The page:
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Front Psychol. 2015 Jun 4;6:708. doi: 10.3389/fpsyg.2015.00708. eCollection 2015.

A new cognitive evaluation battery for Down syndrome and its relevance for clinical trials.

Author information

1
Human Pharmacology and Clinical Neurosciences Research Group-Neurosciences Program, IMIM-Hospital del Mar Medical Research Institute Barcelona, Spain ; Cellular and Systems Neurobiology Research Group, Systems Biology Program, Centre for Genomic Regulation Barcelona, Spain.
2
Human Pharmacology and Clinical Neurosciences Research Group-Neurosciences Program, IMIM-Hospital del Mar Medical Research Institute Barcelona, Spain ; Biomedical Research Centre in Physiopathology of Obesity and Nutrition (CIBEROBN) Santiago de Compostela, Spain ; CEXS, Universitat Pompeu Fabra Barcelona, Spain.
3
Human Pharmacology and Clinical Neurosciences Research Group-Neurosciences Program, IMIM-Hospital del Mar Medical Research Institute Barcelona, Spain ; Neurofunctionality of Brain and Language Group-Neurosciences Program, IMIM-Hospital del Mar Medical Research Institute Barcelona, Spain.
4
Fundació Catalana Síndrome de Down Barcelona, Spain.
5
Human Pharmacology and Clinical Neurosciences Research Group-Neurosciences Program, IMIM-Hospital del Mar Medical Research Institute Barcelona, Spain ; Drug Abuse Epidemiology Research Group-Epidemiology and Public Health Program, IMIM-Hospital del Mar Medical Research Institute Barcelona, Spain.
6
Human Pharmacology and Clinical Neurosciences Research Group-Neurosciences Program, IMIM-Hospital del Mar Medical Research Institute Barcelona, Spain.
7
Cellular and Systems Neurobiology Research Group, Systems Biology Program, Centre for Genomic Regulation Barcelona, Spain.
8
Fundació Privada Espai Salut Barcelona, Spain.
9
Human Pharmacology and Clinical Neurosciences Research Group-Neurosciences Program, IMIM-Hospital del Mar Medical Research Institute Barcelona, Spain ; CEXS, Universitat Pompeu Fabra Barcelona, Spain.
10
Human Pharmacology and Clinical Neurosciences Research Group-Neurosciences Program, IMIM-Hospital del Mar Medical Research Institute Barcelona, Spain ; Universitat Autónoma de Barcelona UDIMAS, Barcelona, Spain.
11
Human Pharmacology and Clinical Neurosciences Research Group-Neurosciences Program, IMIM-Hospital del Mar Medical Research Institute Barcelona, Spain ; Department of Statistics and Operations Research, Universitat Politècnica de Catalunya Barcelona, Spain.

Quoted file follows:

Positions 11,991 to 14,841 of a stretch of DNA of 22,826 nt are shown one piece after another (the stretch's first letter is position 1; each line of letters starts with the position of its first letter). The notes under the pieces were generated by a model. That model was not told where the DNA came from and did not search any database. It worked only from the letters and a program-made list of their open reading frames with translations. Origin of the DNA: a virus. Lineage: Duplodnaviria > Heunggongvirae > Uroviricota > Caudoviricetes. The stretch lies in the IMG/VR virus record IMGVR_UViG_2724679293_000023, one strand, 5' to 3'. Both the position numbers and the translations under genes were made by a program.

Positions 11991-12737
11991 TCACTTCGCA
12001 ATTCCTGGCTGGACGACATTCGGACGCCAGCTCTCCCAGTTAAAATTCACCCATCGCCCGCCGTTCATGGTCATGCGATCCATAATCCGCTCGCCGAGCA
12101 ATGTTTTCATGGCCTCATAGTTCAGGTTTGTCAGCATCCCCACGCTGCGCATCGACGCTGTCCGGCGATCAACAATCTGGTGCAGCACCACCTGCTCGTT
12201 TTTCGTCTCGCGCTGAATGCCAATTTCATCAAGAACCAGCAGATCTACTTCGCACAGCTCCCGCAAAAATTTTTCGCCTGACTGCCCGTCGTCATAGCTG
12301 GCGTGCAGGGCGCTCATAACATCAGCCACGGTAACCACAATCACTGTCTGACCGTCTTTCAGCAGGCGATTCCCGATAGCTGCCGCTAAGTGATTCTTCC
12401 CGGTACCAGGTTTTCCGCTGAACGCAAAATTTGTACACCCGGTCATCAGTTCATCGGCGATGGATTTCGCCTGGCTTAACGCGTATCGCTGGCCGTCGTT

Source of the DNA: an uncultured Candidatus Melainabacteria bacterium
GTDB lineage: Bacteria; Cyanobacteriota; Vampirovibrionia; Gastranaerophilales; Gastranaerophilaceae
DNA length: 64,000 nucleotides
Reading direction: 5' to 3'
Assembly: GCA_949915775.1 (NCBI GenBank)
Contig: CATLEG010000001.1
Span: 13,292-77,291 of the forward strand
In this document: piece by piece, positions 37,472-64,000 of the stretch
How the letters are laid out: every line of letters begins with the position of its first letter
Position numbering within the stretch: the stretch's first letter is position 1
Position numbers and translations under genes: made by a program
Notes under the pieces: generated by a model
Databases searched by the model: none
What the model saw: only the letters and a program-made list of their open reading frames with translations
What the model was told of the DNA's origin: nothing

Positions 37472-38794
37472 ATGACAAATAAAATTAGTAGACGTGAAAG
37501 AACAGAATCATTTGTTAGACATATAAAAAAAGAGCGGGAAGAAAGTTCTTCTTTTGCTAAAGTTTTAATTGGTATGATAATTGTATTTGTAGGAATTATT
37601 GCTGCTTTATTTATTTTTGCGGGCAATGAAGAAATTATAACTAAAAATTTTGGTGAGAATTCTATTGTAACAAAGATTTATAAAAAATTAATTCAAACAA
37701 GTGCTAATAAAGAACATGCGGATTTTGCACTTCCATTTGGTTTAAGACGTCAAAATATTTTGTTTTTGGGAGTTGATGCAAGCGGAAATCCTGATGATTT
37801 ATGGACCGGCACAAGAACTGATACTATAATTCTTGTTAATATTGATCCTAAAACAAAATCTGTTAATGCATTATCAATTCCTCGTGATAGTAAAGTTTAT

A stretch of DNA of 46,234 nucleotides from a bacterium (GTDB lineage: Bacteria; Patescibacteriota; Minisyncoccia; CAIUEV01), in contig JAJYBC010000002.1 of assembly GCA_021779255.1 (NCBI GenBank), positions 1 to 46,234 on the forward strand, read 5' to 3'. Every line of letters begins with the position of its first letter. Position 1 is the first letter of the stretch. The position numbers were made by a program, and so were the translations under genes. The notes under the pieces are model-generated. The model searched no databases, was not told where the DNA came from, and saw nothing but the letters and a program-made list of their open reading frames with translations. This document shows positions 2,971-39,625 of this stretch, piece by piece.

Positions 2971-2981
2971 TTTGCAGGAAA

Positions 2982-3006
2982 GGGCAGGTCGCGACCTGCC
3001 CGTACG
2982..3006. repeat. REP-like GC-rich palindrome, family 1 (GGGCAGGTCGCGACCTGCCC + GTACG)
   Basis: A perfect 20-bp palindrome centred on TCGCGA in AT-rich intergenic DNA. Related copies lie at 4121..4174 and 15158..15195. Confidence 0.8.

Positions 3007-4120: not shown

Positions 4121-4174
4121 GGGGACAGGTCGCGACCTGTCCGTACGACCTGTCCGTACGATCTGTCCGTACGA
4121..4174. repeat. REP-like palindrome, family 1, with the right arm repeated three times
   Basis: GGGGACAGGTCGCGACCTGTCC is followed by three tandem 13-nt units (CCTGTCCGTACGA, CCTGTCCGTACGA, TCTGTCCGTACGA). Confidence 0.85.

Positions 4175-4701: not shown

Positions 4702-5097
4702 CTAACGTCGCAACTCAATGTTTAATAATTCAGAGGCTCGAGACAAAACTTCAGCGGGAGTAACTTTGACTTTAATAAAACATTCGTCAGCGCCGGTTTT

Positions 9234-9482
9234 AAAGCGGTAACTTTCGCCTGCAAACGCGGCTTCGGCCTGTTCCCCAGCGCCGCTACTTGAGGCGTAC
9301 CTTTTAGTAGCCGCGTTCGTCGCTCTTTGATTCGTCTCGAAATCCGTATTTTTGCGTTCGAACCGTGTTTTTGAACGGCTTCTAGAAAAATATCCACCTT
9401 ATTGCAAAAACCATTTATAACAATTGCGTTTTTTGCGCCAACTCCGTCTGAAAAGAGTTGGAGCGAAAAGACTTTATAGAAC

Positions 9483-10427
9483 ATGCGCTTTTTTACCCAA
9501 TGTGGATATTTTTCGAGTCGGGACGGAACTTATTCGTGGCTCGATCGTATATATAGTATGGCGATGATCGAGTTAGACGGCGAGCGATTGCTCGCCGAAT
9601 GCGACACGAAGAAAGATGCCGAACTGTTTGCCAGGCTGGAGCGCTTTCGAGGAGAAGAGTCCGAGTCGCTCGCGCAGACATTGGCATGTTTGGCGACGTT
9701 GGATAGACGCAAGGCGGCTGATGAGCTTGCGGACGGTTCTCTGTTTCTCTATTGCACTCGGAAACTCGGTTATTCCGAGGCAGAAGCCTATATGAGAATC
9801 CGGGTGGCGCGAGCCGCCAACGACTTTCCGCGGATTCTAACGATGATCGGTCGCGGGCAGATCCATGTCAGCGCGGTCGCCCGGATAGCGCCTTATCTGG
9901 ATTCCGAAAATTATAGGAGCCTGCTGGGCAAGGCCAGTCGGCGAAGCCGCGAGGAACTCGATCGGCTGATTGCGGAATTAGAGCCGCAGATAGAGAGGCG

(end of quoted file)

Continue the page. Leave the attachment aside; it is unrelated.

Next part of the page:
12
Fondation Jérôme Lejeune Paris, France.
13
Human Pharmacology and Clinical Neurosciences Research Group-Neurosciences Program, IMIM-Hospital del Mar Medical Research Institute Barcelona, Spain ; Universitat Autònoma de Barcelona, i Hospital Universitari Germans Trias i Pujol (IGTP) Barcelona, Spain.
14
Cellular and Systems Neurobiology Research Group, Systems Biology Program, Centre for Genomic Regulation Barcelona, Spain ; Biomedical Research Centre on Rare Diseases (CIBERER) Valencia, Barcelona, Spain.

Abstract

The recent prospect of pharmaceutical interventions for cognitive impairment of Down syndrome (DS) has boosted a number of clinical trials in this population. However, running the trials has raised some methodological challenges and questioned the prevailing methodology used to evaluate cognitive functioning of DS individuals. This is usually achieved by comparing DS individuals to matched healthy controls of the same mental age. We propose a new tool, the TESDAD Battery that uses comparison with age-matched typically developed adults. This is an advantageous method for probing the clinical efficacy of DS therapies, allowing the interpretation and prediction of functional outcomes in clinical trials. In our DS population the TESDAD battery permitted a quantitative assessment of cognitive defects, which indicated language dysfunction and deficits in executive function, as the most important contributors to other cognitive and adaptive behavior outcomes as predictors of functional change in DS. Concretely, auditory comprehension and functional academics showed the highest potential as end-point measures of therapeutic intervention for clinical trials: the former as a cognitive key target for therapeutic intervention, and the latter as a primary functional outcome measure of clinical efficacy. Our results also emphasize the need to explore the modulating effects of IQ, gender and age on cognitive enhancing treatments. Noticeably, women performed significantly better than men of the same age and IQ in most cognitive tests, with the most consistent differences occurring in memory and executive functioning and negative trends rarely emerged on quality of life linked to the effect of age after adjusting for IQ and gender. In sum, the TESDAD battery is a useful neurocognitive tool for probing the clinical efficacy of experimental therapies in interventional studies in the DS population suggesting that age-matched controls are advantageous for determining normalization of DS.

KEYWORDS:

Down syndrome; TESDAD neurocognitive battery; clinical trials as topic; cognition; intellectual disabilities

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